The standard four wheel disc brakes with ABS offer good pedal feel and quick stops, and traction control comes standard with the anti-lock brakes on the GS-R model. Unfortunately, base and SE Tiburons, are not offered with ABS, even as an option.

Outward visibility is good to the front and sides, but the Tiburon’s thick rear hatch pillar obstructs visibility slightly when shoulder-checking and the big rear spoiler also gets in the way when checking the rearview mirror.

The Tiburon’s cabin is pretty quiet at freeway speeds, but there is some wind noise and a little road noise seeping in through the rear wheelwells.

Competitor overview

Surprisingly, the Tiburon GS-R doesn’t have many direct competitors – there just aren’t many V6-powered sport coupes in its price range. Its closest competitors would be the four cylinder Toyota Celica GT-S ($30,860), Acura RSX Type S ($31,000), and VW New Beetle GLX 1.8T ($29,665); and V6 sporty coupes such as the Honda Accord V6 Coupe ($31,100), Acura 3.2CL ($36,000), Pontiac Grand Am GT1 Coupe ($27,830), Oldsmobile Alero Coupe GLS ($27,670), Chrysler Sebring Coupe Lxi ($30,990), Ford Mustang ($22,795), Chevrolet Camaro ($26,995) and Pontiac Firebird ($27,695). The Celica has about the same amount of horsepower as the V6 Tiburon, but has a high-revving 1.8 litre four cylinder engine that’s noisier and has less torque. Same goes for the high-revving Acura RSX Type S. However, the Celica is over a second faster to 100 km/h, and the RSX Type S is 1.5 seconds faster, the quickest in its class. The New Beetle Turbo is a surprisingly good performer with great road manners, but its styling may not appeal to Tiburon intenders.

The Honda Accord Coupe V6 is a possible competitor for the GS-R, but it is less sporty and more luxurious. The same thing applies to the Acura 3.2CL which is also considerably more expensive. GM’s V6-powered coupes, the Grand Am and Alero, have more responsive V6 engines but they don’t handle as well as the Tiburon. The rear-drive Ford Mustang is just plain outdated when it comes to its suspension and vehicle dynamics – same goes for the Chevrolet Camaro and Pontiac Firebird. Chrysler’s Sebring Coupe is bigger, less sporty, and more conservative than the Tiburon.

Price and features

2003 Hyundai Tiburon
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2003 Tiburons range in price from $19,995 to $28,995 in base, SE, GT and GS-R trim levels. Base models include the 2.0 litre four cylinder engine and 5 speed manual transmission, 16 inch tires and alloy wheels, AM/FM/CD, fog lights, power windows, and four wheel disc brakes. An automatic transmission is an extra $1,100.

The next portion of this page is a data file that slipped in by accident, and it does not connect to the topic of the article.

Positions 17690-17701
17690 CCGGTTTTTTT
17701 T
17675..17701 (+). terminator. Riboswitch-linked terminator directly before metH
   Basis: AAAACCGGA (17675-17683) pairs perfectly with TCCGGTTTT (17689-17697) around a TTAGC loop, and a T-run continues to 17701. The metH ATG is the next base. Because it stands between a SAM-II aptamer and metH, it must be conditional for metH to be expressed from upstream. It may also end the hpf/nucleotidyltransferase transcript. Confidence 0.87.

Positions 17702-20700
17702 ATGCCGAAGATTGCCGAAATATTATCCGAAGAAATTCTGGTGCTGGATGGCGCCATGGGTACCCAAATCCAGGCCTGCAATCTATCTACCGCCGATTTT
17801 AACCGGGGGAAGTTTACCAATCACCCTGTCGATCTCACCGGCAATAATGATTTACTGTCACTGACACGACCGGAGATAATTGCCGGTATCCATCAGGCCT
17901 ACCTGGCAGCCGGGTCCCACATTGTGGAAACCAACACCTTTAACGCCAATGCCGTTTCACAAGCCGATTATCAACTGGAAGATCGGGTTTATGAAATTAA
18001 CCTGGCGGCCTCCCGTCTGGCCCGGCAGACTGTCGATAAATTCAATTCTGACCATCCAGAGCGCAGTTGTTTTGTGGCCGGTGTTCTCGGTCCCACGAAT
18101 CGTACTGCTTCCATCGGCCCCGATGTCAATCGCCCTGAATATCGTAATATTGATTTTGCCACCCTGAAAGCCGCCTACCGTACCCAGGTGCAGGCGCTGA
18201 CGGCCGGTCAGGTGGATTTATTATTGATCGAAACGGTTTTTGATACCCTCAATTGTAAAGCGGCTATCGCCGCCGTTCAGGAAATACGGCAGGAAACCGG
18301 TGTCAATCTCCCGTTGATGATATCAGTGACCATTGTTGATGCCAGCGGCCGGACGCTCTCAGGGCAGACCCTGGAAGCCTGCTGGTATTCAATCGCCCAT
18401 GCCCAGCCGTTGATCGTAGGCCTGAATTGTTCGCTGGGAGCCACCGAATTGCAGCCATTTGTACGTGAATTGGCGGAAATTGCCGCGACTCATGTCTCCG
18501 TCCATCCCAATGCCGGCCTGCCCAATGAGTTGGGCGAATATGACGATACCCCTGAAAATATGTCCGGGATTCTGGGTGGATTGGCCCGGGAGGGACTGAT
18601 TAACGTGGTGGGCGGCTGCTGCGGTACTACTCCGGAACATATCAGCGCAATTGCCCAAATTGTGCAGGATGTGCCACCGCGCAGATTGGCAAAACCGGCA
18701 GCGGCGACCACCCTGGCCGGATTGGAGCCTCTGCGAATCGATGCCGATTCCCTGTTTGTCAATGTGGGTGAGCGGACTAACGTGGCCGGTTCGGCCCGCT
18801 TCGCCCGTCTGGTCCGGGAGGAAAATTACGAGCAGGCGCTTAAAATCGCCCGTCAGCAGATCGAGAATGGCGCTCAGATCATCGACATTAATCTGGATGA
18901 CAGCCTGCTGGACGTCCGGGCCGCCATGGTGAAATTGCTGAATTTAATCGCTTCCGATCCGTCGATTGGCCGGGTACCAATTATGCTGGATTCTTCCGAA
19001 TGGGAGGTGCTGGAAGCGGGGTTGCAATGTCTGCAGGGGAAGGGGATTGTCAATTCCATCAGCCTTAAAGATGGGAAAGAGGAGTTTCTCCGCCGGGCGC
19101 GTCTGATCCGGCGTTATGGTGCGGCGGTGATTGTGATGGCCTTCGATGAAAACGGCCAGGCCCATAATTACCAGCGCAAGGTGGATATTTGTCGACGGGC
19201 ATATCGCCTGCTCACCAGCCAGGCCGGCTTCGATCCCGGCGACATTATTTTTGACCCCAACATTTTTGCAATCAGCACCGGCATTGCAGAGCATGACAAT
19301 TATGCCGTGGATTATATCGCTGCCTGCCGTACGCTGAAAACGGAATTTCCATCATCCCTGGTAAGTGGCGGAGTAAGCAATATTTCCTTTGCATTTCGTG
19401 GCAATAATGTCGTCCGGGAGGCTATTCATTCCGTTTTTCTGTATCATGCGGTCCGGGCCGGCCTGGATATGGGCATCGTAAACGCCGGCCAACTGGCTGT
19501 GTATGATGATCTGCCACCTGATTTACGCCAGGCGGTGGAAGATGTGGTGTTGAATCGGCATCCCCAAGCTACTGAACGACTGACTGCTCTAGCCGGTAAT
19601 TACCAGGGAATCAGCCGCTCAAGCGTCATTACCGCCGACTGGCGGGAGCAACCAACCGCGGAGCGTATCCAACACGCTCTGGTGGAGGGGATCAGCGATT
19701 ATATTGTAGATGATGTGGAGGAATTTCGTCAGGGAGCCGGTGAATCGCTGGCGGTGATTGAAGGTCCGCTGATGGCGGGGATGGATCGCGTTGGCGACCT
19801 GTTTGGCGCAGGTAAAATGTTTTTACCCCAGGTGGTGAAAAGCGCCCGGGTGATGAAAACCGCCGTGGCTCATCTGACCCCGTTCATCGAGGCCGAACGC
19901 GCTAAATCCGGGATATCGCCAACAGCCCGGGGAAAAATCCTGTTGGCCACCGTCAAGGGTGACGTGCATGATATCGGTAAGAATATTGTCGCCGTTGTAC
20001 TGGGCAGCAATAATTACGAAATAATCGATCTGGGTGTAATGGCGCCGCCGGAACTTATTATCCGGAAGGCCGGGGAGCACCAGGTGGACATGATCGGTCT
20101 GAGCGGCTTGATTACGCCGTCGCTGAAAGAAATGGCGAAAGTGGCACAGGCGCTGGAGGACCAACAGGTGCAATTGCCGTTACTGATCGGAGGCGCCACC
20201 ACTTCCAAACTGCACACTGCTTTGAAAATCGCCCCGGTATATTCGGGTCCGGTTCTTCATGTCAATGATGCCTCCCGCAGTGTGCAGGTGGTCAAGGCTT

Tiburon SE models ($22,395) add air conditioning, sunroof, keyless entry, cruise control, and a rear spoiler. Tiburon SE models with the Leather package ($23,395) add leather seats, leather-wrapped steering wheel and shift knob.

Tiburon GT models ($25,795) include everything found on the SE Leather model plus the 2.7 litre V6 engine, 17 inch tires and alloy wheels, sport-tuned suspension and anti-lock brakes.

Top-of-the-line Tiburon GS-R ($28,795) adds the standard 6-speed manual transmission, traction control, premium stereo system, side airbags, and metal pedals. You can get the 4-speed automatic Shiftronic transmission for an extra $200 on the GS-R.

A fully-loaded GS-R comes to under $30,000, a good price for this much car.


2003 Hyundai Tiburon
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Though it’s not a rocket, the top-of-the-line Tiburon GS-R model with the 2.7 litre V6 engine and 6-speed manual transmission is quicker and more refined than four cylinder Tiburon’s � and offers a level of engine refinement that is better than most V6 competitors. Biggest gripe? Needs more headroom.

Technical Data:

2003 Hyundai Tiburon GS-R
Base price $28,795
Arctic Silver Paint* $125
Freight $380
Price as tested $29,300
Type 2-door, 4 passenger coupe/hatchback
Layout transverse front engine/front-wheel-drive
Engine 2.7 litre V6, DOHC, 24 valves
Horsepower 181 @ 6000 rpm
Torque 177 @ 4000 rpm
Transmission 6 speed manual (4 speed automatic)
Tires P214/45R-17
Curb weight 1333 kg (2939 lb.)
Wheelbase 2530 mm (99.6 in.)
Length 4395 mm (173.0 in.)
Width 1760 mm (69.3 in.)
Height 1330 mm (52.4 in.)
Cargo capacity 418 litres (14.8 cu. ft.)
Fuel consumption City: 12.9 l/100 km (22 mpg)
  Hwy: 8.2 l/100 km (34 mpg)
Warranty 3 yrs/60,000 km
Powertrain warranty 5 yrs/100,000 km

Note: Two Tiburon GS-Rs were used in the production of this article – an Arctic Silver car tested by Greg Wilson and a Carbon Blue car photographed by Grant Yoxon.